Historian and author James Longhurst examines the debates over bicycles and their place in society since the 1870s in a presentation Thursday, Jan. 21 at Lawrence University.
Based on his 2015 book of the same name, Longhurst presents “Bike Battles: A History of Sharing the American Road” at 7 p.m. in Main Hall, Room 201. The event is free and open to the public.
While bicycle usage is up in the country, so, too, are arguments about where it belongs. Conflicts over sharing the road are like other environmental debates over scarce resources: difficult to solve, politically fractious, with origins shrouded in mystery, and absolutely essential for creating a sustainable future.
Longhurst will examine these conflicts and discuss what we can learn from the past. Much of what we believe about the bicycle today, says Longhurst, is based on an incomplete picture of the past.
In his book, he argues that governments large and small have had a hand in shaping the conflicts we see on the road today.
“Since Americans don’t entirely take bicycles seriously, historians haven’t always done so either,” said Longhurst. “So stories about 19th-century bike laws, cycle paths in the 1890s and bicycle rationing in World War II haven’t gotten the attention they deserve.”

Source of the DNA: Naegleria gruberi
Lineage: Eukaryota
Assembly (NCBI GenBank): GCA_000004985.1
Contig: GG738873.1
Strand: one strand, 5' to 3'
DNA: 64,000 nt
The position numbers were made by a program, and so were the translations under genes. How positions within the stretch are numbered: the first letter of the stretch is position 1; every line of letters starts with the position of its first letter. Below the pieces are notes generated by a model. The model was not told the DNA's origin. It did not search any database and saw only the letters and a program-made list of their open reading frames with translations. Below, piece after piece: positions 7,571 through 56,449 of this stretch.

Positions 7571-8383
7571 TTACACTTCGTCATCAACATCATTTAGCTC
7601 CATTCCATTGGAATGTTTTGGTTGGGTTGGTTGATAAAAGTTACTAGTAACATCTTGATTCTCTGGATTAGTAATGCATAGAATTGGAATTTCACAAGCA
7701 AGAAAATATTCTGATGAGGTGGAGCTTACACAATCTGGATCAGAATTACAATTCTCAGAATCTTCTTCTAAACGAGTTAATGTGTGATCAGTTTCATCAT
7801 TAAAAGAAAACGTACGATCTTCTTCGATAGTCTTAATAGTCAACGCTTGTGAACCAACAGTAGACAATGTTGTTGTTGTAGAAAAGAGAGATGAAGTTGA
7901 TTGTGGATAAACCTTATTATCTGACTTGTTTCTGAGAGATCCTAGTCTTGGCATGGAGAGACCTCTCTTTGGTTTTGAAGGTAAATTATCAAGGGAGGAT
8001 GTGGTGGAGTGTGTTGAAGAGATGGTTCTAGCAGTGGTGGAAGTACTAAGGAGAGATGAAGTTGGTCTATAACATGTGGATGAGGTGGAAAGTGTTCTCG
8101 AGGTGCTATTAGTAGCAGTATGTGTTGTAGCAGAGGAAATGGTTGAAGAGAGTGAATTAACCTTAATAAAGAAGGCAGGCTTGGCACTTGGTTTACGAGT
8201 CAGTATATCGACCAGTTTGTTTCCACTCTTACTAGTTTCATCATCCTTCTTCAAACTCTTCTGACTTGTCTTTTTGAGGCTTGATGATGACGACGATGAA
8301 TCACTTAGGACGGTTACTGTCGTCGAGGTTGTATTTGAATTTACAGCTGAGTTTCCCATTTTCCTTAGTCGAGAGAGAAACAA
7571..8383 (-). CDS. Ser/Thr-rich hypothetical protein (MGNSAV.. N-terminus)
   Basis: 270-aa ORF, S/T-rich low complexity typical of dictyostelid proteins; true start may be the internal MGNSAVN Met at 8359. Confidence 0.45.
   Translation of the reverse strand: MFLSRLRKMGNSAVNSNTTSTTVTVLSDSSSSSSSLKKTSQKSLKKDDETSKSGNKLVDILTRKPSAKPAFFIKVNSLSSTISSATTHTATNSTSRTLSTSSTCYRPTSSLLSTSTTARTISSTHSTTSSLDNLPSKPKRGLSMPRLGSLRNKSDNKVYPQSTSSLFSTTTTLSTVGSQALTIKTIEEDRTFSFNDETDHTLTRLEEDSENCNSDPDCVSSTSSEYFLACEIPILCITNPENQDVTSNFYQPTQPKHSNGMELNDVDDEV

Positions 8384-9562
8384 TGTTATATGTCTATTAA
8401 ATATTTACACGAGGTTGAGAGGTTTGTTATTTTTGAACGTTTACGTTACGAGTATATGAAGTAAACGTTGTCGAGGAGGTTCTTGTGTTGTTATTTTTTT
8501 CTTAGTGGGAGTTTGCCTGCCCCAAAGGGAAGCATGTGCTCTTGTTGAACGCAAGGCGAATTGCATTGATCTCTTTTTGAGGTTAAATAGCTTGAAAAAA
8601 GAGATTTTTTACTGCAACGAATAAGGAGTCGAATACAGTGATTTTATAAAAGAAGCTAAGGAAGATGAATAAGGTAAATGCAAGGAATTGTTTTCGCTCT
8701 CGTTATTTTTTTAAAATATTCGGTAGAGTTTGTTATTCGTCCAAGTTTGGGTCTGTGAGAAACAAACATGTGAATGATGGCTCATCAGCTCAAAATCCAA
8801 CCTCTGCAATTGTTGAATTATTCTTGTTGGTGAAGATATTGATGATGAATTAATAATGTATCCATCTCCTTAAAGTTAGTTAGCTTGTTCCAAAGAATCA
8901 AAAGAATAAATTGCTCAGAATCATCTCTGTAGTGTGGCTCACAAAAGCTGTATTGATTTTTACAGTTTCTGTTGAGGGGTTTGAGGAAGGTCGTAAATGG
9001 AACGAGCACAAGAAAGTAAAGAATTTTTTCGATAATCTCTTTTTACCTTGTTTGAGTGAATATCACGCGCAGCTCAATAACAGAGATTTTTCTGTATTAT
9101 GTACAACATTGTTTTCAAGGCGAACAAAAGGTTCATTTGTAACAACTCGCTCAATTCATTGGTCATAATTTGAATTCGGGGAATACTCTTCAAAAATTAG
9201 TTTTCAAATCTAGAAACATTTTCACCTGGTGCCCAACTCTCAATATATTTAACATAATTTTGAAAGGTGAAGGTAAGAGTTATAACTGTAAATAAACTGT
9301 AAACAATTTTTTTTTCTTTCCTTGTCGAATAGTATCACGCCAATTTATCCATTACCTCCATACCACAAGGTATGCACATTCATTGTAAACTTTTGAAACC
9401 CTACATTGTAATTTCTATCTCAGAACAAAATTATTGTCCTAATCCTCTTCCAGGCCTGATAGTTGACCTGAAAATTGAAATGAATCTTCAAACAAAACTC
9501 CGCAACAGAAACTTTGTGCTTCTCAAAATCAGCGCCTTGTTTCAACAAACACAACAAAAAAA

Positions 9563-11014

An associate professor at the University of Wisconsin-La Crosse, Longhurst is a historian of urban and environmental policy. His inspiration to study bicycle history began in 2008 when he started commuting by bicycle to work every day.
“Riding to work is great, but it reminds you that not everyone agrees on the place of bicycles and cars on the road,” says Longhurst. “Traffic engineers, bike advocates and politicians all have had their say on the subject. I wanted to add a bit more history to the discussion.”
The presentation coincides with the recently opened exhibit at the History Museum at the Castle, “Shifting Gears: A Cyclical History of Badger Bicycling.” Showcasing the crucial role that Wisconsin has played in two national bicycling eras, Shifting Gears features historic bicycles and artifacts, intriguing images, and virtual interactive experiences.
Copies of Longhurst’s book will be available for purchase at the talk.
About Lawrence University
Founded in 1847, Lawrence University uniquely integrates a college of liberal arts and sciences with a nationally recognized conservatory of music, both devoted exclusively to undergraduate education. It was selected for inclusion in the book “Colleges That Change Lives: 40 Schools That Will Change the Way You Think About College” and Fiske’s Guide to Colleges 2016. Engaged learning, the development of multiple interests and community outreach are central to the Lawrence experience. Lawrence draws its 1,500 students from nearly every state and more than 50 countries.